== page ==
For DoubleLinkedList, on the other hand, all the methods are O(1). addHead and insertAfter are more costly than in LinkedList because we need to update an extra pointer. If you need to insert at the end of the list, find neighbouring items in both directions, or remove items, you’ll benefit from O(1) cost. I haven’t included gas costs for looping the list but they should be identical to LinkedList.

And as I said before, it’s interesting that for the same functionality, DoubleLinkedList costs less to deploy than LinkedList. Not that important but interesting.

As with anything, your mileage will vary. Maybe you can do with a Singly Linked List, maybe you need a Doubly Linked List. Maybe you should use an array. At least now you know them all.

Other Implementations

The implementations discussed above are not the only ones, I just thought they would be easy to understand. There are other interesting implementations that might fit your use case better:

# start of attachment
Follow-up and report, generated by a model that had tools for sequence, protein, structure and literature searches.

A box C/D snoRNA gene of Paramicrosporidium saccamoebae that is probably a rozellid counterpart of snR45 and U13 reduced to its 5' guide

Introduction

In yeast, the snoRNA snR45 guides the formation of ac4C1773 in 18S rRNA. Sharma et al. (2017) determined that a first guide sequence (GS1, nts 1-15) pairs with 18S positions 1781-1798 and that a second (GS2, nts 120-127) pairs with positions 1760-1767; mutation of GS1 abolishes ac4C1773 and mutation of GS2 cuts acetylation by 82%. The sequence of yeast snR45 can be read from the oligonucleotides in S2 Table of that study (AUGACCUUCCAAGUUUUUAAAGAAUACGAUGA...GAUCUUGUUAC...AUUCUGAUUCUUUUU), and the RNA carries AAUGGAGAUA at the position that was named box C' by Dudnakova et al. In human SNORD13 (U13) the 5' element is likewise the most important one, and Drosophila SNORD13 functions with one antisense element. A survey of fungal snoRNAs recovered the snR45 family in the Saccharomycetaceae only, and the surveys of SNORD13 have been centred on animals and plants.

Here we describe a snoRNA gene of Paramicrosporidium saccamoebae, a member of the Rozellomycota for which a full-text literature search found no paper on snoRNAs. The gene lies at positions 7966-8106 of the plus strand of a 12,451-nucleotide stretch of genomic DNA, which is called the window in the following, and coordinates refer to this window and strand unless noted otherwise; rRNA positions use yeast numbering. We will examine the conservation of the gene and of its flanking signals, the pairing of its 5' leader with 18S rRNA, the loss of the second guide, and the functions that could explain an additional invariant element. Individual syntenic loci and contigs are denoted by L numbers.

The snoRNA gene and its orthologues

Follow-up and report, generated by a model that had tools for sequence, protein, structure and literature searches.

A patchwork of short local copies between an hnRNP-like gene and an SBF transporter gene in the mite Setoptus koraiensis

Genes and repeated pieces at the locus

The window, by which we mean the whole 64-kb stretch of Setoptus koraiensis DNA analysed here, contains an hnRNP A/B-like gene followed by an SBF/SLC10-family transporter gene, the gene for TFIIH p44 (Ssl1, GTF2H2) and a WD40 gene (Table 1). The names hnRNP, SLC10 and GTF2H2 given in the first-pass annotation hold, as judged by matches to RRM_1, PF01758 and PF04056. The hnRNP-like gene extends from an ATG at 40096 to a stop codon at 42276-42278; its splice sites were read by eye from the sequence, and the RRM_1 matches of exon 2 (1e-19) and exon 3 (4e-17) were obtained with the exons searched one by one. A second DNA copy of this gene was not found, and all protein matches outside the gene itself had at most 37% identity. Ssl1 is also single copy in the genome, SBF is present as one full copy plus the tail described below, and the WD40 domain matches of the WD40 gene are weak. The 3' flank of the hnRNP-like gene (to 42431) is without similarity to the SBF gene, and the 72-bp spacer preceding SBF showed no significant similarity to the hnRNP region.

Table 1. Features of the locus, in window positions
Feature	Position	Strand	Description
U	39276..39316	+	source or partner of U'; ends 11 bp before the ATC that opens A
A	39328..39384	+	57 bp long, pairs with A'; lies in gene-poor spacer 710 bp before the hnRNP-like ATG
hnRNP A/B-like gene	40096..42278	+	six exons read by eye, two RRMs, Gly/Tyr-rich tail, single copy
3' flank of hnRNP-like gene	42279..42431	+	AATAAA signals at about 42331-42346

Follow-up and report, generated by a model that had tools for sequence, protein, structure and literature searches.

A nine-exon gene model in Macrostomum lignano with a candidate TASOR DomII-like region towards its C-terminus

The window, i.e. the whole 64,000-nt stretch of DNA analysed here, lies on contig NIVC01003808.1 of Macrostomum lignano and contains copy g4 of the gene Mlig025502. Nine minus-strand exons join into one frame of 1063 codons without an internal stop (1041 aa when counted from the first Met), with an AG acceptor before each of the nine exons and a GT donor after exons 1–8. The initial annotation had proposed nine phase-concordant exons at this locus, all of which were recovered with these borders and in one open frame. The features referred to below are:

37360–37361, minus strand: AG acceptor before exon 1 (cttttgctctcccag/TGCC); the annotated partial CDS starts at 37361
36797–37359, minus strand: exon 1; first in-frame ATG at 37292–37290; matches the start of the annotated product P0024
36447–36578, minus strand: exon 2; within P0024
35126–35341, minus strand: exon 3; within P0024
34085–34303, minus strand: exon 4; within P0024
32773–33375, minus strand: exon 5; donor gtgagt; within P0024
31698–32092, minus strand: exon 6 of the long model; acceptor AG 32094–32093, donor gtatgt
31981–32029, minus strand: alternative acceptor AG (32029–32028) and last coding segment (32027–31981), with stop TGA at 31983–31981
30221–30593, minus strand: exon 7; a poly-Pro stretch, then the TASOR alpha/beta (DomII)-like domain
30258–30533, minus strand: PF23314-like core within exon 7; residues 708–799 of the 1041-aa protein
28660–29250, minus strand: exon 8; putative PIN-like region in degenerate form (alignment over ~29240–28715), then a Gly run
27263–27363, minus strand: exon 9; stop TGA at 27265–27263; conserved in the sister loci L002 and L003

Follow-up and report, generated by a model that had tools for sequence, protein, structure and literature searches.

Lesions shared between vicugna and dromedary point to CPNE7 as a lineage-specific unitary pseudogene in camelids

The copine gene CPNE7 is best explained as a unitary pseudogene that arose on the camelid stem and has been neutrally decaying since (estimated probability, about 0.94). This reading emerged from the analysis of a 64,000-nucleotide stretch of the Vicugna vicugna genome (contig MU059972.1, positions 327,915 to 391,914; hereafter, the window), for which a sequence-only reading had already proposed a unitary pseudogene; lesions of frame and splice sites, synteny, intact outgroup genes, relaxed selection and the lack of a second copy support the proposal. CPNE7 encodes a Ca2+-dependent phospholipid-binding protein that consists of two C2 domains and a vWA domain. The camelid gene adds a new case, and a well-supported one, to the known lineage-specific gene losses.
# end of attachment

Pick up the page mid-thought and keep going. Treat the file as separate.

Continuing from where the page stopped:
Linked Lists are the first complex data structure that is considered in smart contracts. Given the constraints in smart contracts that force us to code as simply as possible it is necessary to know the trade offs between different linked list implementations.

In this article I’ve shown both Singly Linked Lists and Doubly Linked Lists, pointing to code ready to be reused. An analysis of gas costs has also been provided, along with guidance for safe use.

I feel quite privileged to have the opportunity to code basic data structures. Sometimes coding smart contracts feels like a trip many years back when programming meant being very close to the hardware and was very close to mathematics. I like that.

If you are considering using this code in a project, want to contribute, or have ideas to explore, please drop me a line! Talking to those that read me is always a pleasure :)